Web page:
Despite the above, it is my hope Malaysia - Singapore do not return to the days of old again. But I am in favour of a firm push back - at regular intervals of our choosing.

    I don’t think you understand how mismatched a fight it would be for Malaysia. Singapore’s modern and combined arms army is more than 2.5 times bigger than the Malaysian Army before factoring in qualitative differences - in doctrine, equipment, mobility, force multipliers and fire support.



    Why would our tanks need depleted uranium rounds or blow up the bridge? Especially when we have significant overmatch - as an Army with multiple combined arms divisions, with motorised battalions equipped with our own 8x8 Terrex and supported by the Belrex combat support vehicle - each of these divisions are capable of forward defence. Singapore’s focus is not just on buying better weapons (which we have at every level of command, from battalion to division, in terms of TOE) but to have better training for our educated and motivated conscripts - as thinking soldiers. 3 generations of Singaporeans have served in the Singapore Army (and have been deployed to support UN missions peace support and peace enforcement missions, CTF 151, to Iraq and Afghanistan) - so we may have slightly better info than you on current and past Singaporean capabilities.



    We do not just have great Leopard 2SG TANKs, we work hard to ensure that the 170 tank crews have superior training (including company level live firing at NATO tank ranges in Germany using IIA4s). In other words, train as they would fight against enemy tank crews (and not just training for our army officers). Singapore’s tanks upgraded to the Leopard 2SG standard with the addition of an IBD Deisenroth Advanced Modular Armor Protection modular composite armor package, El-Op Commander Open Architecture Panoramic Sight and other improvements. Singapore also reportedly acquired Rheinmetall’s ADS active protection system for its Leopard 2 tanks. For the armour formation, what we don’t buy from abroad, we make (eg. Bionix and Bronoco). The Bronco was exported for use in Afghanistan by the British Army (as the Warthog). Singapore Army's next generation self-propelled (SP) artillery gun and improved all-terrain tracked carrier, designed and made by local weapons maker, Singapore Technologies. The new SP gun is likely to be a wheeled design with a 155mm and automatic projectile and charge loader mounted aft of an all-terrain chassis. The new tracked carrier is thought to be the Bronco 3 variant, which is an enlarged marque of the combat proven Warthog Bronco 2 design (the baseline Bronco used by the SAF is the Bronco 1).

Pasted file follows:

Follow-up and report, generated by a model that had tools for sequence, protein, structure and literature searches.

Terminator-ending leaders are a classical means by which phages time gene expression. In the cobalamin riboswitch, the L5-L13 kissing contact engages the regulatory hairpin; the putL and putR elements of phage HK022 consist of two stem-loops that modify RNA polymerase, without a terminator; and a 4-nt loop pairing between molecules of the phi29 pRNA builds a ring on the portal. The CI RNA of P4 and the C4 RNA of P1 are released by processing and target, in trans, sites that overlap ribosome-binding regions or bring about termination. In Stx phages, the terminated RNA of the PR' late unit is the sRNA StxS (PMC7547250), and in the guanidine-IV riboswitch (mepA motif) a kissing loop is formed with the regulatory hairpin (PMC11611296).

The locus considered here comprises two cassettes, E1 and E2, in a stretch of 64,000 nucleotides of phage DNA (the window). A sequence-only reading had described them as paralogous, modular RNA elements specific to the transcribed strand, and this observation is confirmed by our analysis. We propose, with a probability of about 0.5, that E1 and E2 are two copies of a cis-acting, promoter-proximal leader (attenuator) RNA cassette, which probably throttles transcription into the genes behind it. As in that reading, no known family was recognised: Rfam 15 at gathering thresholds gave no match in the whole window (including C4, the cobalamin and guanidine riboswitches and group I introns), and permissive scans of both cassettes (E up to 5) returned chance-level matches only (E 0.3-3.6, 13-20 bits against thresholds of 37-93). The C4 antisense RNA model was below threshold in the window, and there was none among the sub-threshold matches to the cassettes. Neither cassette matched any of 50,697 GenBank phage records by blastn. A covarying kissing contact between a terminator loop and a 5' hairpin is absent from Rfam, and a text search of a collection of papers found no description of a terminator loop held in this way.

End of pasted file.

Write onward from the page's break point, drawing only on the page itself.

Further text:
Our Chinook and Apache crews are US trained - regularly taking part in Red Flag, Crimson Talon (at Idaho) and a host of other complex combined arms exercises in the US (like Ex Forging Sabre). These are complex division level exercises (for the division strike centre) integrating LRRPs (who are commanded by junior officers that are SF trained), F-15SGs, Apaches, artillery hunting radars, HIMARS and Herion 1 UAVS - to conduct 1 pass multiple moving target strikes.

    You may want to read the thread for some basic information?